Legal Battles

Texas Attorney General Paxton Gloats After Cruel and Unusual Supreme Court Decision

Texas Attorney General Ken Paxton is celebrating because a Missouri man might choke to death on his own blood.

Paxton led a 16-state coalition last year asking the U.S. Supreme Court to deny Russell Bucklew's death row appeal and uphold Missouri's lethal injection procedures, claiming that upholding Bucklew's appeal would open new avenues for death row prisoners to delay their sentences. The U.S. Supreme Court denied the appeal this week.

“Prisoners would challenge each alternative method subsequently adopted by the state as lacking in some way due to the prisoner’s unique anatomy, history, or combination of conditions,” Paxton wrote.

Bucklew has cavernous hemangioma, a rare, congenital disease that has caused blood-filled tumors to grow in his head and throat. His Supreme Court brief argues that one or more of the tumors could rupture after he is given the lethal injection drugs, causing Bucklew to choke to death on his blood.

Writing for the four-vote minority, Justice Stephen Breyer said that Bucklew proved to the court that he could "sputter, choke, and suffocate on his own blood for up to several minutes before he dies,” causing his execution to violate the U.S. Constitution's Eighth Amendment protection against cruel and unusual punishment.

Neil Gorsuch, President Donald Trump's first nominee to the Supreme Court, disagreed.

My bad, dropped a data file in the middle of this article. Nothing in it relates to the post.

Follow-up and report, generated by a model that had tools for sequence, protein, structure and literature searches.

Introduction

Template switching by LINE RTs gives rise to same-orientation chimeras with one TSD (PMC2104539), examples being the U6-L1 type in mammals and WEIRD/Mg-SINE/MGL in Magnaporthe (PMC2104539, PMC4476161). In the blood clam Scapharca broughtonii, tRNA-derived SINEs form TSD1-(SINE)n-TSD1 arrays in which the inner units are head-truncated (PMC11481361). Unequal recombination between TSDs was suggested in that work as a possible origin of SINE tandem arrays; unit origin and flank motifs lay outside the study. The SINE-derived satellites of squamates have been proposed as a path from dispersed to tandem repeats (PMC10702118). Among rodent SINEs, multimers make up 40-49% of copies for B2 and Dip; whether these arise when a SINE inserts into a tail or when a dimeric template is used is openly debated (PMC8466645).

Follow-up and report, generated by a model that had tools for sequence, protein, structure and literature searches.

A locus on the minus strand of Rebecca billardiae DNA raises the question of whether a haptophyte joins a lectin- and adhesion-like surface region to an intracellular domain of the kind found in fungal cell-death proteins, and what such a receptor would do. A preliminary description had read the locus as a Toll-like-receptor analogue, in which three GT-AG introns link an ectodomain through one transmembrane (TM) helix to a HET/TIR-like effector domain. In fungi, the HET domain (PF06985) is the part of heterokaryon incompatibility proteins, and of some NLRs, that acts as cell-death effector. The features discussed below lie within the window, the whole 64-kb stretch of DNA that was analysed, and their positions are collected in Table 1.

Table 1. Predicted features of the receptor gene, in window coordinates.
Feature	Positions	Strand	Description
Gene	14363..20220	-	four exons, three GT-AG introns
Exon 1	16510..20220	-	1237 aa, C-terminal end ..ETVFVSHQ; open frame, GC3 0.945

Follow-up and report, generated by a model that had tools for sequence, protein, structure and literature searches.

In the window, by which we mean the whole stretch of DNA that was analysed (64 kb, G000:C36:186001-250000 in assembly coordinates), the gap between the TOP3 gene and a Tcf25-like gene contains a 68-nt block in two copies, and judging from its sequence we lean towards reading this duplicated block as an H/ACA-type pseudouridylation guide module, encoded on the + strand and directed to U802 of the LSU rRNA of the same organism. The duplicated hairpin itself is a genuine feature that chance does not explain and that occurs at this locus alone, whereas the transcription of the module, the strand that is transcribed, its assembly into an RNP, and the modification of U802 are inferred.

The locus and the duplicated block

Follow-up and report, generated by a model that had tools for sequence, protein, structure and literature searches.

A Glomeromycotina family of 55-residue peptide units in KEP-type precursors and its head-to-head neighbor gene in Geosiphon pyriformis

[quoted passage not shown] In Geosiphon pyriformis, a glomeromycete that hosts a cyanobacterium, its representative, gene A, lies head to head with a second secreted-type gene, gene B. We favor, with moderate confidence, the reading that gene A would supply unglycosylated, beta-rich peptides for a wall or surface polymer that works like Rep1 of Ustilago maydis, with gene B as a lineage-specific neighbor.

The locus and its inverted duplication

“The Eighth Amendment has never been understood to guarantee a condemned inmate a painless death.” — Neil Gorsuch

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“The Eighth Amendment has never been understood to guarantee a condemned inmate a painless death,” Gorsuch said as he announced the court's decision to let Bucklew's execution go forward. “That’s a luxury not guaranteed to many people, including most victims of capital crimes.”

Paxton celebrated Gorsuch's opinion for ensuring that states can continue to carry out the death penalty, before detailing the murder Bucklew committed.

“The Supreme Court’s decision is important in allowing the states to proceed with the solemn duty of enforcing the death penalty enacted by their legislatures,” Paxton said. “Had the court ruled otherwise, it would have invited death row inmates to challenge each alternative execution method subsequently adopted by the state as lacking in some way, resulting in a flood of costly lawsuits and lengthy delays in executions.”

In both 2016 and 2017, Texas executed just seven people, tying for the lowest total since the state killed just three people in 1996. In 2018, however, Texas’ execution rate ticked back up, with 13 people being put to death. So far in 2019, Texas has executed two people. 
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Stephen Young has written about Dallas news for the Observer since 2014. He's a Dallas native and a graduate of the University of North Texas.
Contact: Stephen Young